By Aamir Latif, Sinan Polat, Mohammad Fahim Abed and Sayed Khodaberdi Sadat
KABUL/KARACHI, Pakistan (AA) – Pakistani police have lodged a criminal case against unnamed U.S. officials for their involvement in the drone strike that killed Taliban leader Mullah Mansoor and his driver, officials said on Sunday.
The announcement, which observers say is symbolic, comes about a week after the U.S. said it had killed Mullah Mansoor in a drone strike near the Pakistan-Afghanistan border.
The operation came at a time when the Taliban had been carrying out brutal attacks not seen in the last 15 years.
The Taliban is currently in control of 18 districts across Afghanistan and clashes with Afghan forces are ongoing in another 70 districts.
After the Taliban announced the death of longtime leader Mullah Omar, Mansoor was elected as the new Taliban leader, triggering a bitter internal power struggle.
This power struggle, however, did not prevent Taliban militants from keeping up their violent attacks around the country.
The Taliban was established in the early 1990s, but was not unified until 1994. The group rapidly strengthened itself in southern Afghanistan’s Kandahar province.
As a predominantly Pashtun movement constituting 40 percent of the population, the Taliban promised to restore peace and security in areas under its control.
The group extended its territory in a short period of time and in 1998, most of the country, including capital Kabul, was under Taliban control.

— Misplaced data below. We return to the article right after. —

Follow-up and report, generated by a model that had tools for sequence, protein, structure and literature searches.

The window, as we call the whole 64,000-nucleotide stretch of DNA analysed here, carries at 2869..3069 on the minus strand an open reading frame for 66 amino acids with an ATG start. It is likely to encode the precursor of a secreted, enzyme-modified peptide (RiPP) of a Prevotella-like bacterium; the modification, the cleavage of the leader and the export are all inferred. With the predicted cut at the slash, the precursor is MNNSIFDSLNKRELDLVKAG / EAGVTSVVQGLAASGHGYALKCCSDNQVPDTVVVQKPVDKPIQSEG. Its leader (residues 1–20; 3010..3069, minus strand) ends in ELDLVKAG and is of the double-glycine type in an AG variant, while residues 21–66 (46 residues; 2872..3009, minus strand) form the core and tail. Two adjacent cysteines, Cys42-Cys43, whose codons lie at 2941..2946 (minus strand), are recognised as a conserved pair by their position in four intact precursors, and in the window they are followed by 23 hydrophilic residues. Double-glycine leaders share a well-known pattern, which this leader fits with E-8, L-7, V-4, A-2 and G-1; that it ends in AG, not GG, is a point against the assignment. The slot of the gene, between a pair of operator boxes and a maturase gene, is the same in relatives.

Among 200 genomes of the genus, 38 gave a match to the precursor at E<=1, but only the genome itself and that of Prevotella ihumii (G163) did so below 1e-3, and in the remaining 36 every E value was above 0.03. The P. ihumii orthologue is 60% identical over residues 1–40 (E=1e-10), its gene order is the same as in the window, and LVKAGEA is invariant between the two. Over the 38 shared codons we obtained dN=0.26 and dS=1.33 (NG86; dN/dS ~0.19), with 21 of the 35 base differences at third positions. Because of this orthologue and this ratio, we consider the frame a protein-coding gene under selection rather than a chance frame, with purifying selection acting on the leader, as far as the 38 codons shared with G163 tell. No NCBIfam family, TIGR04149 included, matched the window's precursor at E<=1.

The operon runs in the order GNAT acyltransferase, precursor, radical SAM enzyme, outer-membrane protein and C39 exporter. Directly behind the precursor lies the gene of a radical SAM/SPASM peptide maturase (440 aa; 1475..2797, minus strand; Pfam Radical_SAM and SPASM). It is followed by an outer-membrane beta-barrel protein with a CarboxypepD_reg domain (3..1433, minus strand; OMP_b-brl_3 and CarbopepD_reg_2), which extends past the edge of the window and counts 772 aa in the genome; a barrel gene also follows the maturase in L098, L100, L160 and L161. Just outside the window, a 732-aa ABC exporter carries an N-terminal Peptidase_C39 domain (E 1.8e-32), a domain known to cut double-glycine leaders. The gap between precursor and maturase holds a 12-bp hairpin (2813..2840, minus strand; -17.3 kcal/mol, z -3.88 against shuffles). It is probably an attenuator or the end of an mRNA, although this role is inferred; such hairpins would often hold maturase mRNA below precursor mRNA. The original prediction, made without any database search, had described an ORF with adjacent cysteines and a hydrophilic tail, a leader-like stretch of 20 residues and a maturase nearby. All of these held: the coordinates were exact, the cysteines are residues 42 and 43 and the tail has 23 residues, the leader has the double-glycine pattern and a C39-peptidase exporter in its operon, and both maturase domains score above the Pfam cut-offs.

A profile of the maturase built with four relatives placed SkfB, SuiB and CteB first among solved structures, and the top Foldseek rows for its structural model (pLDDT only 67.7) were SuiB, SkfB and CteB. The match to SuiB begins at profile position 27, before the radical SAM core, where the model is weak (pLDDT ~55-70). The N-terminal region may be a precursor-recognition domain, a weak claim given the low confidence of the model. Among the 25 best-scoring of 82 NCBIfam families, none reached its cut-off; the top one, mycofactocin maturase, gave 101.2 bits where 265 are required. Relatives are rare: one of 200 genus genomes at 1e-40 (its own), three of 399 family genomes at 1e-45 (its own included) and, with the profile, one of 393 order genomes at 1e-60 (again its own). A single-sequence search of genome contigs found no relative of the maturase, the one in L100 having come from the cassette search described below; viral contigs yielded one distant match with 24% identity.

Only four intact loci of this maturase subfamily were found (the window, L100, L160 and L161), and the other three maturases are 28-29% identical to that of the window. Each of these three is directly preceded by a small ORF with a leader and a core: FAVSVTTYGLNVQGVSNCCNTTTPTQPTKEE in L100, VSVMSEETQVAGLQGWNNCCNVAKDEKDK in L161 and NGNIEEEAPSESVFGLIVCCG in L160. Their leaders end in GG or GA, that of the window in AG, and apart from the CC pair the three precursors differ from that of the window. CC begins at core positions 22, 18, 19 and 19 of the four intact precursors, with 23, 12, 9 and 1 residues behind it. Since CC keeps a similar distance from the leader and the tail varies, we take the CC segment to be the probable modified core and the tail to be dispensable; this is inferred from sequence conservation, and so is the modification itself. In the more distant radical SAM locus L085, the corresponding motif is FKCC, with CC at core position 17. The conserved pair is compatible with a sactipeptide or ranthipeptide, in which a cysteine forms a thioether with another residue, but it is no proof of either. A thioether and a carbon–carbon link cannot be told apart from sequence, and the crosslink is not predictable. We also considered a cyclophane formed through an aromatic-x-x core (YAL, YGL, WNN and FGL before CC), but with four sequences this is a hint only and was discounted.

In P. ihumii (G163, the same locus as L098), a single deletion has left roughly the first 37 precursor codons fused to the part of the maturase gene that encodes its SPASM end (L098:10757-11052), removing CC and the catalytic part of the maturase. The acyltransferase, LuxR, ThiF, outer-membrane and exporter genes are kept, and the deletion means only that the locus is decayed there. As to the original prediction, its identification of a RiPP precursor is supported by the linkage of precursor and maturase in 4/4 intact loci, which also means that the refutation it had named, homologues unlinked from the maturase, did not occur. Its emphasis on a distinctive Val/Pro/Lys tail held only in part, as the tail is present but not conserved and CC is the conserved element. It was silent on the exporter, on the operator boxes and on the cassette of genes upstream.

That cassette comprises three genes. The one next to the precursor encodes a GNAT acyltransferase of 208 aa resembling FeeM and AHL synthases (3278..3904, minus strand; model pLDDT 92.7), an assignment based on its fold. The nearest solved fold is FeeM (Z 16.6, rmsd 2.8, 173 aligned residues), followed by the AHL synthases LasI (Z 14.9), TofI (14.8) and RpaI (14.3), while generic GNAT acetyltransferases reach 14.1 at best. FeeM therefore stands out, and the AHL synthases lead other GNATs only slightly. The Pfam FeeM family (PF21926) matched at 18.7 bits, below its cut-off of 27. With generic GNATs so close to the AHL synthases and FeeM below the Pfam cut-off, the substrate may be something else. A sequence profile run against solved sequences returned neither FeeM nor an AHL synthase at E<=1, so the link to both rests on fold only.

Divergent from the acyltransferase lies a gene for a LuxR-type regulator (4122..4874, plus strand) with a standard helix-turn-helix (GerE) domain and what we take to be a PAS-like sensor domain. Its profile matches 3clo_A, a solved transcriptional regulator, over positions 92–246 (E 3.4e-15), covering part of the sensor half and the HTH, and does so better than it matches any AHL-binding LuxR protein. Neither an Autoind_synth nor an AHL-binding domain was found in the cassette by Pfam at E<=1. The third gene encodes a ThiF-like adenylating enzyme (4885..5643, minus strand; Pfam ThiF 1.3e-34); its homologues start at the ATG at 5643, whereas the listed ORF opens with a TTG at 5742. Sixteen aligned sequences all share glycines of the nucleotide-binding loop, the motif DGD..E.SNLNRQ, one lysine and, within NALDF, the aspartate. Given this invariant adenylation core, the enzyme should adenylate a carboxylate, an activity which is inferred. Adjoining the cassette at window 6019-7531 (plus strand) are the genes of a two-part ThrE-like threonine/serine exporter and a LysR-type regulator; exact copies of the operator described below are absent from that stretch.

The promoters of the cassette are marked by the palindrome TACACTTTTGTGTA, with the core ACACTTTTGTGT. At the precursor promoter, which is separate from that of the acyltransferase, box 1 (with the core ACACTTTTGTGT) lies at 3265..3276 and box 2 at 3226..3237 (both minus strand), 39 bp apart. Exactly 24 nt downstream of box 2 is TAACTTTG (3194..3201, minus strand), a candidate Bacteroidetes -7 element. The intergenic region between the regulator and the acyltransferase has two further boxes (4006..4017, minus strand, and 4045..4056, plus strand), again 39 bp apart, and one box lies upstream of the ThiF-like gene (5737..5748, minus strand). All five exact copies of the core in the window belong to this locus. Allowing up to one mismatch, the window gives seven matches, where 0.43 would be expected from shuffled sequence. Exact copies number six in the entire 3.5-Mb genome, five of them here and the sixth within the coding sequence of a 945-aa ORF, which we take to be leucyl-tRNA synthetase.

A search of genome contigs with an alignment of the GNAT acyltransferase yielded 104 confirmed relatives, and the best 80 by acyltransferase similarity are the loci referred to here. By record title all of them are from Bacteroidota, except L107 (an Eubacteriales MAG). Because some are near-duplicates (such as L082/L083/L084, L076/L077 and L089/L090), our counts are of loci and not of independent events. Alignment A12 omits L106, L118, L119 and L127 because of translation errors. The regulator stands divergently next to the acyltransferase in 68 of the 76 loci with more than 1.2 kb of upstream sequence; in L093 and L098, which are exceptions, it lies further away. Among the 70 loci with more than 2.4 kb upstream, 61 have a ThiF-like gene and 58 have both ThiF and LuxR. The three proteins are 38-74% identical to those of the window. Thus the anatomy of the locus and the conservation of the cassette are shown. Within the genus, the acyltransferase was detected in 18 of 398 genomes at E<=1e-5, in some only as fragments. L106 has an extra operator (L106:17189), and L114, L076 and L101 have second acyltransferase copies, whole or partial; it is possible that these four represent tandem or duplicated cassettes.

The Taliban attracted a great deal of attention following the September 2001 attacks in the U.S., when it was accused of providing a sanctuary to al-Qaeda.
Soon after, the group had to withdraw to Afghanistan’s mountainous areas following intense attacks by local forces and a U.S.-led coalition.
The U.S. and NATO announced that they had completed their mission in Afghanistan in late 2015 and handed control of the country to Afghan authorities.
Aid for the Afghan army, however, continued. In 2015, NATO donated $5.7 billion, 4.1 of which was invested in security.
After NATO completed its mission in Afghanistan, Taliban resurfaced, especially in predominantly Pashtun areas. It has been able to retrieve power in areas it had lost, seizing control of Kunduz in September 2015.
There are around 60,000 Taliban militants in the country, according to Afghan officials who spoke to Anadolu Agency on condition of anonymity due to safety concerns.
Dawlat Waziri, an Afghan defense ministry spokesman, told Anadolu Agency that Taliban’s presence was mostly in the mountainous regions close to Pakistan.
Waziri also said the group had seized only six districts: Ghazni, Kunduz, Farah, Helmand, Badakhshan and Nuristan.
However, Taliban spokesman Zabiullah Mujahid told Anadolu Agency that a total of 37 districts and villages were completely under Taliban control.